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Flight speed and performance of the wandering albatross with respect to wind

  • 1,
  • 2Email author and
  • 3
Movement Ecology20186:3

https://doi.org/10.1186/s40462-018-0121-9

Received: 9 October 2017

Accepted: 26 February 2018

Published: 7 March 2018

Abstract

Background

Albatrosses and other large seabirds use dynamic soaring to gain sufficient energy from the wind to travel large distances rapidly and with little apparent effort. The recent development of miniature bird-borne tracking devices now makes it possible to explore the physical and biological implications of this means of locomotion in detail. Here we use GPS tracking and concurrent reanalyzed wind speed data to model the flight performance of wandering albatrosses Diomedea exulans soaring over the Southern Ocean. We investigate the extent to which flight speed and performance of albatrosses is facilitated or constrained by wind conditions encountered during foraging trips.

Results

We derived simple equations to model observed albatross ground speed as a function of wind speed and relative wind direction. Ground speeds of the tracked birds in the along-wind direction varied primarily by wind-induced leeway, which averaged 0.51 (± 0.02) times the wind speed at a reference height of 5 m. By subtracting leeway velocity from ground velocity, we were able to estimate airspeed (the magnitude of the bird’s velocity through the air). As wind speeds increased from 3 to 18 m/s, the airspeed of wandering albatrosses flying in an across-wind direction increased by 0.42 (± 0.04) times the wind speed (i.e. ~ 6 m/s). At low wind speeds, tracked birds increased their airspeed in upwind flight relative to that in downwind flight. At higher wind speeds they apparently limited their airspeeds to a maximum of around 20 m/s, probably to keep the forces on their wings in dynamic soaring well within tolerable limits. Upwind airspeeds were nearly constant and downwind leeway increased with wind speed. Birds therefore achieved their fastest upwind ground speeds (~ 9 m/s) at low wind speeds (~ 3 m/s).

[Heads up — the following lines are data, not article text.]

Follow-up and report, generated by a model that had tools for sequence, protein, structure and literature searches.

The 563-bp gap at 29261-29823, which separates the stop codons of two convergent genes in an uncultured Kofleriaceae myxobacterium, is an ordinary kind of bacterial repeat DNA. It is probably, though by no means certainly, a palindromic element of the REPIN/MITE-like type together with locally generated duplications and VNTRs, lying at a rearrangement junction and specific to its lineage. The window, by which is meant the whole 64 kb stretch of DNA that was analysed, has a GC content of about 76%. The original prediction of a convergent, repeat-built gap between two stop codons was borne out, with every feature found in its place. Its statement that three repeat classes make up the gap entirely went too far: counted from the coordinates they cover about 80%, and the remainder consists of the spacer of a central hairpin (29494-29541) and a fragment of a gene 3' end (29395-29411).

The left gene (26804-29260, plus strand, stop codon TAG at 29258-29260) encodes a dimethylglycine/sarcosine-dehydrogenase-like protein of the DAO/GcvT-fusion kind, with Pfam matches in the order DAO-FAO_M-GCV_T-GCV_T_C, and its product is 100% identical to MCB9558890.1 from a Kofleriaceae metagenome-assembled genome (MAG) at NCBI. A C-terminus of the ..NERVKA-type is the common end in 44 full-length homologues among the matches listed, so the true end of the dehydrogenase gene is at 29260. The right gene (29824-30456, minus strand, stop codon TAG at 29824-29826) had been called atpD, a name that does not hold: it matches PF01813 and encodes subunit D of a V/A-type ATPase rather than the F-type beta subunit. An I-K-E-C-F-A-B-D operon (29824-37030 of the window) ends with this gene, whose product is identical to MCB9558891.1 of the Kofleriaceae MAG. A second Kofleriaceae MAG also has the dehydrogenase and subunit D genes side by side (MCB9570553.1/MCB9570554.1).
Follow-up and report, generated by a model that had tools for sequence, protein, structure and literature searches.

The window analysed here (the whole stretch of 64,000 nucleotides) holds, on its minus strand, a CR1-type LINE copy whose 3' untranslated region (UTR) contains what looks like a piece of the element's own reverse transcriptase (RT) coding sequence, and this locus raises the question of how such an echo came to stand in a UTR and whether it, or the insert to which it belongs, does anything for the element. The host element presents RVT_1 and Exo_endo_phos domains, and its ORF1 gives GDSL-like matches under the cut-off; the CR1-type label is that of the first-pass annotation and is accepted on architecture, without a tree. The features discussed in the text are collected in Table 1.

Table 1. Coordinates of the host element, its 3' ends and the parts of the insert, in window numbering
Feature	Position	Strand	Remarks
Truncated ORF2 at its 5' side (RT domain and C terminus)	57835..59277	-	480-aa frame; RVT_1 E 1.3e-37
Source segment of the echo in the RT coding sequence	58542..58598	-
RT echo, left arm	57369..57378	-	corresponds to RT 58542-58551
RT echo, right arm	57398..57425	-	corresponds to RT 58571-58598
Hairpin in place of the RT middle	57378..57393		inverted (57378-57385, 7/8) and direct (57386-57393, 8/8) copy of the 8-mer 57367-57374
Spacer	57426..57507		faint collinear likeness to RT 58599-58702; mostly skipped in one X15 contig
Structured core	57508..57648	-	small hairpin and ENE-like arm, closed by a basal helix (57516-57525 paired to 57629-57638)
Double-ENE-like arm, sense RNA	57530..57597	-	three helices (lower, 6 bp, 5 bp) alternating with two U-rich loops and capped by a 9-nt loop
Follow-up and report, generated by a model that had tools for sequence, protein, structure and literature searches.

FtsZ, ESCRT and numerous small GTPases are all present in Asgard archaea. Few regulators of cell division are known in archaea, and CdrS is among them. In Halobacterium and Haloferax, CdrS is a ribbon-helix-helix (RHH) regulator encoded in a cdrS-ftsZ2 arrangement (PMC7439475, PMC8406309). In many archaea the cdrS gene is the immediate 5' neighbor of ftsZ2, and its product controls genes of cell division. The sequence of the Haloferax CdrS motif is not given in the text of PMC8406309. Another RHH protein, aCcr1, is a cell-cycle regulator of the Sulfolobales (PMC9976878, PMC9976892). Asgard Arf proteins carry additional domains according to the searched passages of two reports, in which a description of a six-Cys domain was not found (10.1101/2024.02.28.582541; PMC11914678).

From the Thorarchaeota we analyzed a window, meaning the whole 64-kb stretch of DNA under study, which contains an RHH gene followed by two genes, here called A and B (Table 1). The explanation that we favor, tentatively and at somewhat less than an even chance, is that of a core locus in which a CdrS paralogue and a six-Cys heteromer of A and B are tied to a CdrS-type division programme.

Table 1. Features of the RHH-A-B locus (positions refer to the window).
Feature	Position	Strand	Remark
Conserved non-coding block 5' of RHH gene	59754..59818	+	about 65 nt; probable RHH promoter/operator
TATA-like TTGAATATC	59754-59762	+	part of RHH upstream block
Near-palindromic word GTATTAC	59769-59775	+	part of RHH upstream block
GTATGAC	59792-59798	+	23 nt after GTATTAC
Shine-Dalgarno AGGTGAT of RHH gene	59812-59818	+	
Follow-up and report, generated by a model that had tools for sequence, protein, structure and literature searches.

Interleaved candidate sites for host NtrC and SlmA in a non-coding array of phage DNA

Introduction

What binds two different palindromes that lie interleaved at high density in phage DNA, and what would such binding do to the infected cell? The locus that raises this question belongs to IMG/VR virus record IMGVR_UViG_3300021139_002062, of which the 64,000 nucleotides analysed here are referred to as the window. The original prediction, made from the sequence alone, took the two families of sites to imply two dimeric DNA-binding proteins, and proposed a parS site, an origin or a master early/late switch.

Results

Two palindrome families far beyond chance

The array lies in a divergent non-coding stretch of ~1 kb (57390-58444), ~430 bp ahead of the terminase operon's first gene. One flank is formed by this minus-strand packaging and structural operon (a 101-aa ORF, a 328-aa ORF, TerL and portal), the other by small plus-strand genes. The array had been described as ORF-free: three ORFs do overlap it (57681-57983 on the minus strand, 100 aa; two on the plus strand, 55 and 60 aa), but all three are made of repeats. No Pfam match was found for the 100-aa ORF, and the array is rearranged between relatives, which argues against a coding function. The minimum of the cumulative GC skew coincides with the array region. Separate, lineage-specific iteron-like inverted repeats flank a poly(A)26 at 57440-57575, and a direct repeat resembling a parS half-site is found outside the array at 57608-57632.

Conclusions

This study provides insights into which flight strategies are optimal for dynamic soaring. Our results are consistent with the prediction that the optimal range speed of albatrosses is higher in headwind than tailwind flight but only in wind speeds of up to ~ 7 m/s. Our models predict that wandering albatrosses have oval-shaped airspeed polars, with the fastest airspeeds ~ 20 m/s centered in the across-wind direction. This suggests that in upwind flight in high winds, albatrosses can increase their ground speed by tacking like sailboats.

Keywords

  • Soaring
  • Dynamic soaring
  • Seabird
  • Airspeed
  • Ground speed
  • GPS-tracking
  • Bird flight performance
  • Flight polar diagram
  • ECMWF
  • Model

Background